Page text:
Telstra-owned classifieds business Trading Post has seized on consumer outrage with eBay Australia’s decision to force customers to use its wholly-owned payment subsidiary PayPal by launching online auctions at its www.tradingpost.com.au site.
In a bid to differentiate itself from eBay, Trading Post’s new auction site will offer sellers the chance to list auction items for free. Bruce Akhurst, chief executive of Telstra’s Sensis division, which owns Trading Post, expects the free-to-list pitch will resonate with sellers: “You only pay when you sell. We at the Trading Post share the risk with our advertisers. We win when you win.”
Auction fees will range from 50c for items under $10 through to $24.95 for items over $500. To make sure sellers actually pay for their listings, Trading Post will require all sellers to have an Australian street address (not a PO box).
Trading Post, which has spent 12 months developing the auction platform, will offer a range of payment options, including cash-on-delivery, bank deposit, money orders, cheques and, perhaps a little ironically, PayPal.
Akhurst points to a Newspoll survey conducted last week confirmed 93% of people who have sold online and 95% of people who have bought online said it was important to have a choice of payment options when trading online. “There’s a lot of call in the market to provide buyers with what they really want – and that’s choice.”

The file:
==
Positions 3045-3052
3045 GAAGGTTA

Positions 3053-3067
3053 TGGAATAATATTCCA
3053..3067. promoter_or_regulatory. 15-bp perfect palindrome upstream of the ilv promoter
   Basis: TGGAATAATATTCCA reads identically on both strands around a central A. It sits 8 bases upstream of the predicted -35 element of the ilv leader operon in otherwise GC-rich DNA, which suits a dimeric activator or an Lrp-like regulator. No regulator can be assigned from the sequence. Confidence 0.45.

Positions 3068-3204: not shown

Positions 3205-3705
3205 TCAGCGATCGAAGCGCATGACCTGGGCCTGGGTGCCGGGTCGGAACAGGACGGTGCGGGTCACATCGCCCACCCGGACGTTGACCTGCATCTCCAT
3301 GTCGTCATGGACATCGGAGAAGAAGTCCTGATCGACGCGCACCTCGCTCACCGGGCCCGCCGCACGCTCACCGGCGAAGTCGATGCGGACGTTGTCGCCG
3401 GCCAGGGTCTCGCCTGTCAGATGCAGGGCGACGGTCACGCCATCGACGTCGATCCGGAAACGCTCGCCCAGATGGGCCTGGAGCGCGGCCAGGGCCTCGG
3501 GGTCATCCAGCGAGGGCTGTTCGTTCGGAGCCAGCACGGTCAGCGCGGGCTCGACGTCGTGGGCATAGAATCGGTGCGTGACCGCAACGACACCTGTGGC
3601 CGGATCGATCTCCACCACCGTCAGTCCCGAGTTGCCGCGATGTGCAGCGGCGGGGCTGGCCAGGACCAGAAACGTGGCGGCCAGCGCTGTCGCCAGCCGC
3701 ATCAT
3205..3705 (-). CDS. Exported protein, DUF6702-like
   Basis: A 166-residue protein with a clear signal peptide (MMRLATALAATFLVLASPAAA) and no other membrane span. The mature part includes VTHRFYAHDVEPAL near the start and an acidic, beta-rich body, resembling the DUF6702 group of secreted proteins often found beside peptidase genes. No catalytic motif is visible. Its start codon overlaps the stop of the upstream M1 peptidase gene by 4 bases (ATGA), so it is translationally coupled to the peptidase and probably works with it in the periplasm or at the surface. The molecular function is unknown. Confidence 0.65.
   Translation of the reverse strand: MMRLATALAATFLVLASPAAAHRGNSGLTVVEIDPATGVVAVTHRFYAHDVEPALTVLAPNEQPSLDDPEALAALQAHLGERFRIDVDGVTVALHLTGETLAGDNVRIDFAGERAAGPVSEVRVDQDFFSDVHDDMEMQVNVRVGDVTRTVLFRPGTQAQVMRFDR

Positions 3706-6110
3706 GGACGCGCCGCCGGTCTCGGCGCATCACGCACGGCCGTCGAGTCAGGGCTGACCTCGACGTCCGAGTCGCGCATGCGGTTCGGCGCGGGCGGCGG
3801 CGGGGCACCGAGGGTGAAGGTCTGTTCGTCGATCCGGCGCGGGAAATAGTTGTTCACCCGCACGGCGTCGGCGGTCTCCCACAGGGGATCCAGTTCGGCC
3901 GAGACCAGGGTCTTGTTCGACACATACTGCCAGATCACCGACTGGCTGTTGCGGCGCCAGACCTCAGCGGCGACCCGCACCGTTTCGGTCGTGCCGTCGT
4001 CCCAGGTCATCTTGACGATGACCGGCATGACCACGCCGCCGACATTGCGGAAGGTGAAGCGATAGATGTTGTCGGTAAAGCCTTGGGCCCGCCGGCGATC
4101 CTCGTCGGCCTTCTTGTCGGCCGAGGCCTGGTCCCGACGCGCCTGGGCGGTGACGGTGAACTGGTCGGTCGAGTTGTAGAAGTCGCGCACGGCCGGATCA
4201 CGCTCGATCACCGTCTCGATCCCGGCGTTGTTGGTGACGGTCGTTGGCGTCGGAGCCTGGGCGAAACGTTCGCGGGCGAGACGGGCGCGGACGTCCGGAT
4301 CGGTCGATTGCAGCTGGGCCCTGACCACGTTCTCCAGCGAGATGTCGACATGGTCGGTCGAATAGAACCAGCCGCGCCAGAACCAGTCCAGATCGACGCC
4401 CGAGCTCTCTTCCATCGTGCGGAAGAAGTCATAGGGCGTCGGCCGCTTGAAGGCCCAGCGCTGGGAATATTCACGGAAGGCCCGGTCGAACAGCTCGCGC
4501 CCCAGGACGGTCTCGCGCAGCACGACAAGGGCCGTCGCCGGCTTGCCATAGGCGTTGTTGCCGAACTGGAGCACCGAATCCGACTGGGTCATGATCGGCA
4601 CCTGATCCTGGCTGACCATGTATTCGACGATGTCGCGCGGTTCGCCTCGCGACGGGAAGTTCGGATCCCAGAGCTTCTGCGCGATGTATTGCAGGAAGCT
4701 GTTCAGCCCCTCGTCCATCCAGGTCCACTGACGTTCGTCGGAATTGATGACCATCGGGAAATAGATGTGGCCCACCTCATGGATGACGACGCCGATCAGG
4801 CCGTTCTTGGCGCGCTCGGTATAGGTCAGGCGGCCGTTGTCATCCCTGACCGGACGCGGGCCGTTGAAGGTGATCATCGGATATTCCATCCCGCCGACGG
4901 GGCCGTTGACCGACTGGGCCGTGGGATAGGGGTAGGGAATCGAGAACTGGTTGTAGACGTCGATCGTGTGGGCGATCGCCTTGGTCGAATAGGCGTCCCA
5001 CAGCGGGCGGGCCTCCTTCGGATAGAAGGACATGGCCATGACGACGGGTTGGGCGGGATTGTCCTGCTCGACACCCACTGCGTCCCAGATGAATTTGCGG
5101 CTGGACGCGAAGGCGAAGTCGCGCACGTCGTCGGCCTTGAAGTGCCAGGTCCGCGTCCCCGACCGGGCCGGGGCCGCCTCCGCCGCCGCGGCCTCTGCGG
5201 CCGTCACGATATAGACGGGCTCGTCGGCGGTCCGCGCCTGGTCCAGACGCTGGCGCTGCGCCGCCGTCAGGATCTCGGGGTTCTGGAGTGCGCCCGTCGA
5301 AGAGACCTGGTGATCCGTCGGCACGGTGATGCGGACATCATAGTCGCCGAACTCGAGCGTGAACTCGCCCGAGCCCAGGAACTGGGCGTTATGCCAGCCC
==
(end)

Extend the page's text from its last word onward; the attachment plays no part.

Akhurst says Trading Post is in discussions with a number of eBay power sellers who have been “overwhelmingly supportive” of the new site. Akhurst clearly expects the support of these power sellers to be converted quickly into action. He has boldly predicted the amount of general merchandise will increase by 25% by this weekend. “And it will keep growing from there.”
Trading Post is one of Australia’s best known classifieds brands and its long-running weekly newspaper has a readership of 725,000. Traffic on the website has increased 140% in the last three years and unique visitors reached two million for the first time in March.
Akhurst is confident these users will embrace the auction concept. “This isn’t a start-up business. We are a popular site already, so we are very confident that Australians know us and trust us.”
Trading Post’s move comes as eBay lodged its reply to the ACCC’s inquiry whether eBay’s PayPal move should be exempt from the Trade Practices Act. The ACCC received 566 submissions on the issue – all of them against eBay’s PayPal decision.
eBay says in its response that customers will still be able to use payment alternatives such as bank transfers, debit cards and credit cards, although transactions using these payment methods will still need to go through the PayPal system.
eBay reiterated its argument that forcing customers to use PayPal would improve security of transactions and argues that as PayPal remains a small player in the online payments sector, the move will not stifle competition or innovation in the market. “It is not possible for [this move] to contribute in any way to a reduction in innovation in the online payments market and there can be no harm to the Australian economy.”
The ACCC will rule on the PayPal move by mid-June.
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